<$Susan Goodwill$>

Monday, November 06, 2006

Nano Tip #5

Yesterday's goal--not so good, although I saw a really great amateur production of Little Shop Friday night (worth the hour-and-a-half round trip for the backstage tour alone) and a wonderful band, Blue Cat, Saturday night. So the weekend stimuli fed the muse nicely, and she has no excuse now to hide. Except that she's a muse.
I'll be baiting her with caffeine and breathing exercises today to get her out of the bushes and back on my shoulder.
I feel like a little Annie Lamott today. How about you?
Nano Tip #5
Life is Not a Submarine
This excerpt is from the wonderful Bird by Bird by Annie Lamott, from the section on plot.

Plot grows out of character. If you focus on who the people in your story are, if you sit and write about two people you know and are getting to know better day by day, something is bound to happen.
Characters should not conversely serve as pawns for some plot you've dreamed up. Any plot you impose on your characters will be onomatopoeic: PLOT. I say don't worry about plot. Worry about the characters. Let what they say or do reveal who they are, and be involved in their lives, and keep asking yourself, Now what happens? The development of relationship creates plot. Flannery O'Connor, in Mystery and Manners, tells how she gave a bunch of her early stories to the old lady who lived down the street, and the woman returned them saying, "Them stories just gone and shown you how some folks would do."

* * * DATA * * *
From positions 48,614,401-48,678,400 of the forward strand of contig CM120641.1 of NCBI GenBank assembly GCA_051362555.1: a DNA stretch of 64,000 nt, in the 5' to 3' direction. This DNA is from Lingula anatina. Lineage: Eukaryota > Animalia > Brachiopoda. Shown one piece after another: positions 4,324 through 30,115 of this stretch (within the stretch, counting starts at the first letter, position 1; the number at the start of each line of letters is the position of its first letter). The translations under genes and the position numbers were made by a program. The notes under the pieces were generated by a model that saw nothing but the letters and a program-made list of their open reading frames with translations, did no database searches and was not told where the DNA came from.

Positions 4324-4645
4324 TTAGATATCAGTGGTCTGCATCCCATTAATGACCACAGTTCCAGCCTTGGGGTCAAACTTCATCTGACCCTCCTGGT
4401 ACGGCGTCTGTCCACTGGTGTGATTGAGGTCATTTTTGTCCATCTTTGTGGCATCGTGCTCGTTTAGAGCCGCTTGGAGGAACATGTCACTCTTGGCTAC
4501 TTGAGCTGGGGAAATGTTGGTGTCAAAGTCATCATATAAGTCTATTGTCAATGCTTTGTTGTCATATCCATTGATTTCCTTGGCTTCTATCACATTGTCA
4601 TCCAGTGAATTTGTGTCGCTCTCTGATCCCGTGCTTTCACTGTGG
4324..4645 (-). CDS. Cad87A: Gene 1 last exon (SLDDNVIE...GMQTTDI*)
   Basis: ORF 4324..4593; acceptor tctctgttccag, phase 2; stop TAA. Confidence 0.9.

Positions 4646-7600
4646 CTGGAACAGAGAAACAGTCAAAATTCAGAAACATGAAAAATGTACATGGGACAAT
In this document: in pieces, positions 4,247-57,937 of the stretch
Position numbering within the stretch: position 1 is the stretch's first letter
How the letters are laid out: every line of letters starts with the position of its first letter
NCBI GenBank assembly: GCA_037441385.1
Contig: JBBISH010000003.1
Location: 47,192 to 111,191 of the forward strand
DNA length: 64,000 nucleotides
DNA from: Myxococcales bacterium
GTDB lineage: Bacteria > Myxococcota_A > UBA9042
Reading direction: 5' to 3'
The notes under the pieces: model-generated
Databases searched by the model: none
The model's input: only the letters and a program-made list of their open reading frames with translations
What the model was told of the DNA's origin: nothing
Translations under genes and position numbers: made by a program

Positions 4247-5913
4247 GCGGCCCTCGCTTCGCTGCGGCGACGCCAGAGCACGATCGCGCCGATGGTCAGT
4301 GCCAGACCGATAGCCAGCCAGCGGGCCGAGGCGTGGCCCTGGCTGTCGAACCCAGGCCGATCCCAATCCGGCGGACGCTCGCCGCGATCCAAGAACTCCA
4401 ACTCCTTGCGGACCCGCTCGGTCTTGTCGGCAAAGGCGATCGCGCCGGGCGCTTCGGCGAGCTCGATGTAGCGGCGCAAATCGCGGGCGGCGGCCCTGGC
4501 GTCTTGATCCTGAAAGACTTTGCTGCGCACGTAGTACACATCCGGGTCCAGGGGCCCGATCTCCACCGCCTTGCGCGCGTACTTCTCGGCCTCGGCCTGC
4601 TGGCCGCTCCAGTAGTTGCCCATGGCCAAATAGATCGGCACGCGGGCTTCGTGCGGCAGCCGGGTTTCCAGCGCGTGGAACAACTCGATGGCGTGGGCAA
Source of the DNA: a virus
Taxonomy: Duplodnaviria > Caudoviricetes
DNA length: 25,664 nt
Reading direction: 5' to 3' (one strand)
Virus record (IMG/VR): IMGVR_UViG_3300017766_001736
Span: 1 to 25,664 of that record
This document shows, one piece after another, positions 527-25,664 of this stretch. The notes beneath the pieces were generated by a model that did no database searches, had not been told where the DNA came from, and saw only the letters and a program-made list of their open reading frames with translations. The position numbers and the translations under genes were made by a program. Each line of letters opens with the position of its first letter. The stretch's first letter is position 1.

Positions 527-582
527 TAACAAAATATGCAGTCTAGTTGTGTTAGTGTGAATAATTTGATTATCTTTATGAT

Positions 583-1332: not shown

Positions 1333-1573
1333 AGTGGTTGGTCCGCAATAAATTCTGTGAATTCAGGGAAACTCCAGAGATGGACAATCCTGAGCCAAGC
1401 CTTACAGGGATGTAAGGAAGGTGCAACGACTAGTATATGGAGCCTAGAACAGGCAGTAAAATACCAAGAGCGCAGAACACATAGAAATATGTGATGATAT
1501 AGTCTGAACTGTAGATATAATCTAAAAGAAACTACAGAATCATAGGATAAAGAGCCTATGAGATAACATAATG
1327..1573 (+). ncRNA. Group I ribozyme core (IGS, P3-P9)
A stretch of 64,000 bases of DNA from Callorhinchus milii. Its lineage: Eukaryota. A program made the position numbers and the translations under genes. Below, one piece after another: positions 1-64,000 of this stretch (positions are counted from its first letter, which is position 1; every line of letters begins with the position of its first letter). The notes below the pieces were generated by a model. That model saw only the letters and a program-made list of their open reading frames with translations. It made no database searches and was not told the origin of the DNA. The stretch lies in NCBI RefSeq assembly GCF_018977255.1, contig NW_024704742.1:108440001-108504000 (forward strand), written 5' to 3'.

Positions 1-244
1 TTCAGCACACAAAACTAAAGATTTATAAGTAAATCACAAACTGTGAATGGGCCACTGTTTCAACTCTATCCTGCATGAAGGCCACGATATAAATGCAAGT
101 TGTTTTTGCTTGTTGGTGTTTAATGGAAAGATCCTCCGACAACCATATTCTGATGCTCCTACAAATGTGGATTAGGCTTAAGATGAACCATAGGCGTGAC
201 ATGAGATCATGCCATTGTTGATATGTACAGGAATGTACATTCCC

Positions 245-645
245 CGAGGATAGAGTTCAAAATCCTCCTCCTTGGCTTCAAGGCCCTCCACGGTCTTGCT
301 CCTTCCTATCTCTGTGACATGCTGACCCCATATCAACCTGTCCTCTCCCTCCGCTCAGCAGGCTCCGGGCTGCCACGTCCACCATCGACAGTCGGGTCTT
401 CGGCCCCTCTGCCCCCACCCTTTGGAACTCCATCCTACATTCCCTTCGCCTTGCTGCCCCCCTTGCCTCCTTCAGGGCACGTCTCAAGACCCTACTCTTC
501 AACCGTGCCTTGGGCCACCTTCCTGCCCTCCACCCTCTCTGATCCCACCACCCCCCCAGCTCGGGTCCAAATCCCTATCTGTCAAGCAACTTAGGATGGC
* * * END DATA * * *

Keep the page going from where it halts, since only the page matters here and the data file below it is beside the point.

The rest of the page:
That's what plot is: what people will up and do in spite of everything that tells them they shouldn't, everything that tells them that they should sit quietly on the couch and practice their Lamaze, or call their therapist, or eat until the urge to do that thing passes.

So focus on character. What happens in Faulkner's books, for instance, arises from the nature of his characters, and even though his characters are not necessarily people you want to date, they compel us because we believe that they exist and we believe that the things they do are true to who they are. We read Faulkner for the beauty of his horrible creations, the beauty of the writing, and we read him to find out what life is about from his point of view. He expresses this through his characters. All you can give us is what life is about from your point of view. You're not going to be able to give us the plans to the submarine. Life is not a submarine. There are no plans.

And a special good luck to my friend Roman White, nominated for Country Music Video of the Year for Carrie Underwood's, Jesus Take the Wheel. Watch tonight on ABC 8 PM Eastern.